This year, in collaboration with XL vets and XL vets skillnet, we are raising awareness regarding the importance of animal health and well-being to the productivity and performance of sheep farming. Based on the successful Beef Weaning and Housing Roadshow that took place in seven marts across the country in 2018, this Sheep Health “Roadshow” will not take place in marts, but rather will feature on digital platforms such as this website and social media as we visit a number of farms across the country. This plan was put in place well before the current restrictions were implemented in the attempt to slow spread of COVID-19. At this time, we would like to take the opportunity to remind all those reading to ensure to follow all guidelines provided by the HSE in order to protect ourselves, the community and those that are most vulnerable.
Despite the pandemic we face, farming continues. For the purpose of this article and video below, we are sharing information regarding pasteurella pneumonia and clostridial diseases in sheep and measures by which farmers and veterinarians can take to prevent mortality as a result of the aforementioned diseases. Please share the link to this page with those who may benefit from this information. For further information, visit Bovilis.ie/sheep/clostridial-disease and/or www.xlvets.ie
Beef and sheep farming in Co.Donegal
“Three cattle deaths in the space of 10 days – I now know the importance of vaccination”, this was the message from Donegal beef and sheep farmer John Meehan. John has been farming in Ballyshannon all his life and has built a fine enterprise. Originally beef farming only, John made the decision some 15 years ago to enter sheep production. The flock consists of Suffolk and Texel cross ewes that start lambing on March 1st every year. In conjunction with his vet, Nick Garvey of Old Church Vets Ballyshannon, the preventative approach with regard to animal health is fundamental to the performance of John Meehan’s farm.
Clostridial vaccination on farm
Vaccination against clostridial disease is a necessity on this farm. However, vaccination was only implemented after three beef animals were lost to sudden death as a result of clostridial disease several years ago. “We lost three animals in ten days due to clostridial disease. When the first animal died, we were obviously disappointed but didn’t pass much remarks. When the second animal died, we then got the vet out and subsequently sent the animal to the lab for a post-mortem. By the time the results returned, we had lost another animal.” Following these mortalities, lab results and the advice from Nick, a vaccination programme was put in place to prevent any further mortalities due to clostridial disease.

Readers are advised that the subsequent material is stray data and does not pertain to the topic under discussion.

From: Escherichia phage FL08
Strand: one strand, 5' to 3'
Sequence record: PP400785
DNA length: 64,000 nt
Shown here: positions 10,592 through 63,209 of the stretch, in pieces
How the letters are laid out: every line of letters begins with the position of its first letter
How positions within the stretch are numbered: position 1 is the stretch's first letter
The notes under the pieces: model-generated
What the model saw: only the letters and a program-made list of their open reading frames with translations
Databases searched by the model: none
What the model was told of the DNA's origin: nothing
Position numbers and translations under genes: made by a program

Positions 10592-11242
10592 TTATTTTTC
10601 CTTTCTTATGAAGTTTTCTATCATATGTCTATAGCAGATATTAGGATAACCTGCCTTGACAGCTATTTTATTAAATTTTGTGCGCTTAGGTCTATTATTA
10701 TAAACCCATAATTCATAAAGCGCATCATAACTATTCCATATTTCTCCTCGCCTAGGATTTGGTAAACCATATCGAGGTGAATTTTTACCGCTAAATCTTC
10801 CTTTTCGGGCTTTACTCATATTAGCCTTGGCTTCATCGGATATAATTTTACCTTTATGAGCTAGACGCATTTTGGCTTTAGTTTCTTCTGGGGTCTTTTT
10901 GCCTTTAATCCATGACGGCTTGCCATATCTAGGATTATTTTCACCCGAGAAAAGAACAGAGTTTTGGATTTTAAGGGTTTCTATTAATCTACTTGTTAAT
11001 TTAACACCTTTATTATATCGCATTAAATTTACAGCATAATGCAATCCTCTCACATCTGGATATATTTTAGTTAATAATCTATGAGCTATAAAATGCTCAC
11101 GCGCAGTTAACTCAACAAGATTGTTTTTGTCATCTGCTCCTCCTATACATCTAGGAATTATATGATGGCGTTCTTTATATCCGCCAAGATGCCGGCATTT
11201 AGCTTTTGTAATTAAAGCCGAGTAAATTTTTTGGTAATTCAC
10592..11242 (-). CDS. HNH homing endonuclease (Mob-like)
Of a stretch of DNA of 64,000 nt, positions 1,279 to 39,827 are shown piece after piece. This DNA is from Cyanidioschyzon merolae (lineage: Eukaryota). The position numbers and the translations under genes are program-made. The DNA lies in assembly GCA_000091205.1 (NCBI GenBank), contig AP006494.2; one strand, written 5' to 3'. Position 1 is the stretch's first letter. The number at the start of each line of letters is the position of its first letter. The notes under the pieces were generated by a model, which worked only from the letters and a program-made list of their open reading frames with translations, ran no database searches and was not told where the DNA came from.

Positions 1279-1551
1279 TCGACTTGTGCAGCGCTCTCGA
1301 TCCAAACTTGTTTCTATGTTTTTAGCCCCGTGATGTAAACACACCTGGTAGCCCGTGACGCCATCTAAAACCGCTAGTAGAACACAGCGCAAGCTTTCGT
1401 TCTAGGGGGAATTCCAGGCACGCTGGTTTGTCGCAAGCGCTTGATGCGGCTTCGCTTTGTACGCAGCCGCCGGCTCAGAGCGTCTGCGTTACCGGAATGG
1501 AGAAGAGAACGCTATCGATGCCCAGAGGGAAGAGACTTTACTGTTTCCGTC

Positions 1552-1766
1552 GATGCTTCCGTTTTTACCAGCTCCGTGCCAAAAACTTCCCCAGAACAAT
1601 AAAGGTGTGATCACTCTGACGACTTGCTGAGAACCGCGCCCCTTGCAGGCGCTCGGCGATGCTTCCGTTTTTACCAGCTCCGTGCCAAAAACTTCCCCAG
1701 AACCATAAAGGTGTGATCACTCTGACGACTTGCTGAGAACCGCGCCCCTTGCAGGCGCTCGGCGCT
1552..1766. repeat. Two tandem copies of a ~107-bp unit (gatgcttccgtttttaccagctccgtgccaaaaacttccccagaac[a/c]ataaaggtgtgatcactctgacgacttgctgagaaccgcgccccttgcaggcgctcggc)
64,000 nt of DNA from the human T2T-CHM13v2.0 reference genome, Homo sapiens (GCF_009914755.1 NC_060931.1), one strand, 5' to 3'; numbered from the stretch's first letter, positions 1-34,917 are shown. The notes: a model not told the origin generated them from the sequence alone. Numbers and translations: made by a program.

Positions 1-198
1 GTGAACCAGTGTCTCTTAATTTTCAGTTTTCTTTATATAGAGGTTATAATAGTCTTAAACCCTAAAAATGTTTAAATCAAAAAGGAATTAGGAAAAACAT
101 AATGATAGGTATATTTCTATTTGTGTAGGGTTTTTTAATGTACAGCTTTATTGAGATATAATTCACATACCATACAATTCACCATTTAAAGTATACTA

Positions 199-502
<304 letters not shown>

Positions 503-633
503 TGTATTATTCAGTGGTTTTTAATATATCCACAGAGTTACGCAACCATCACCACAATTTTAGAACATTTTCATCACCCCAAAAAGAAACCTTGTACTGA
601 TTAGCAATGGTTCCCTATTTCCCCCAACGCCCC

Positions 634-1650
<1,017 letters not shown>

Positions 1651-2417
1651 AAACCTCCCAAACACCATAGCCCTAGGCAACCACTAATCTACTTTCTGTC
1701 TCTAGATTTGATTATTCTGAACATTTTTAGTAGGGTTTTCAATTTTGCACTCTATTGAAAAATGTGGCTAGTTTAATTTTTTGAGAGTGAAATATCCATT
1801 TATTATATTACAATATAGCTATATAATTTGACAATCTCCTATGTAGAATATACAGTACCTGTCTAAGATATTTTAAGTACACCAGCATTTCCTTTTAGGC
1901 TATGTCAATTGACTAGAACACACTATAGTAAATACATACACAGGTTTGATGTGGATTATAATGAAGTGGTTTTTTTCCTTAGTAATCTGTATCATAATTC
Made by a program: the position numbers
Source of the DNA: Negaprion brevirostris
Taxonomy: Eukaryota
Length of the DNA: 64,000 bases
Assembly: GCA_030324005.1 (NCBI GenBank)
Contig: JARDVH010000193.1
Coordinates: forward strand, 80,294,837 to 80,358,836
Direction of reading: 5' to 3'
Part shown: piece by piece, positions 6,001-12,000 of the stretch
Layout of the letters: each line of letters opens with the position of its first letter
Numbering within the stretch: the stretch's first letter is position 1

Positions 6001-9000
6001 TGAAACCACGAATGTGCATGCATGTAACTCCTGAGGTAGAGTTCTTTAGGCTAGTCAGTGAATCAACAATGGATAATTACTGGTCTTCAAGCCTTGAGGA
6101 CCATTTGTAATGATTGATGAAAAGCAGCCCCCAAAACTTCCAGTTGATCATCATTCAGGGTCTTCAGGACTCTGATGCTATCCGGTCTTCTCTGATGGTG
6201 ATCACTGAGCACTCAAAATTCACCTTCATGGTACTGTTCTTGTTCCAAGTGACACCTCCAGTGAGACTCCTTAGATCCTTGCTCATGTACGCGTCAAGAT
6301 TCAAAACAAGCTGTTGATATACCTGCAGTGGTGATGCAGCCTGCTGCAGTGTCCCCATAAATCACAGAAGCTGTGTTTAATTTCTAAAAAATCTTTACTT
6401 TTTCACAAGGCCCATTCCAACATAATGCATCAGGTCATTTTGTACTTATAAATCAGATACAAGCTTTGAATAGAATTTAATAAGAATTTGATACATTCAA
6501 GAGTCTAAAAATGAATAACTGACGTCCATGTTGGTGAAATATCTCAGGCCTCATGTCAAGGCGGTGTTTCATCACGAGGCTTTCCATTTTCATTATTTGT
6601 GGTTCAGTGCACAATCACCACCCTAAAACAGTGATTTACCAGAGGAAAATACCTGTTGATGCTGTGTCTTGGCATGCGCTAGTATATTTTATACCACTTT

Pasteurella pneumonia and clostridial diseases
When sheep arrived on farm, “it was an obvious decision that a vaccination programme was put in place for the flock” according to John. John consulted Nick as to the best programme to implement and Nick advised Heptavac-P plus for the prevention of pasteurella pneumonia and clostridial disease in sheep. All sheep that are new on the farm, including new-born lambs, receive two vaccination shots. Any animal that has received this primary course only gets one vaccination booster every 12 months. “Since we have started to vaccinate against pasteurella pneumonia and clostridial disease, we have not suffered any losses due to these diseases.”
Barriers to vaccination
Farmers encounter many barriers when they consider animal health and vaccinating their flock. According to Nick, “Labour, economics, vaccine value and vaccination administration” are all common challenges farmers face when considering vaccination. In response, John was in agreement that these are challenges farmers face quite regularly and not just for vaccination. “If I had known what I know now about the risks of clostridial disease to animals, I would have vaccinated straight away”. John tries to implement labour saving techniques when vaccinating where possible. “I purchased an automatic syringe, we save time when vaccinating as we don’t have to fill the syringe for every vaccination. We also have suitable handling facilities that makes the job easier and, in my opinion, suitable handling facilities are a must when working with sheep in particular”. Currently happy with his animal health protocol, John stressed that there is “unseen value” in the role of the preventative approach in farming. One animal mortality would “vaccinate a lot of sheep!” according to John. It is important to be proactive rather than reactive with animal health, “don’t wait until you have a death, get it fixed before it’s broken” advised John.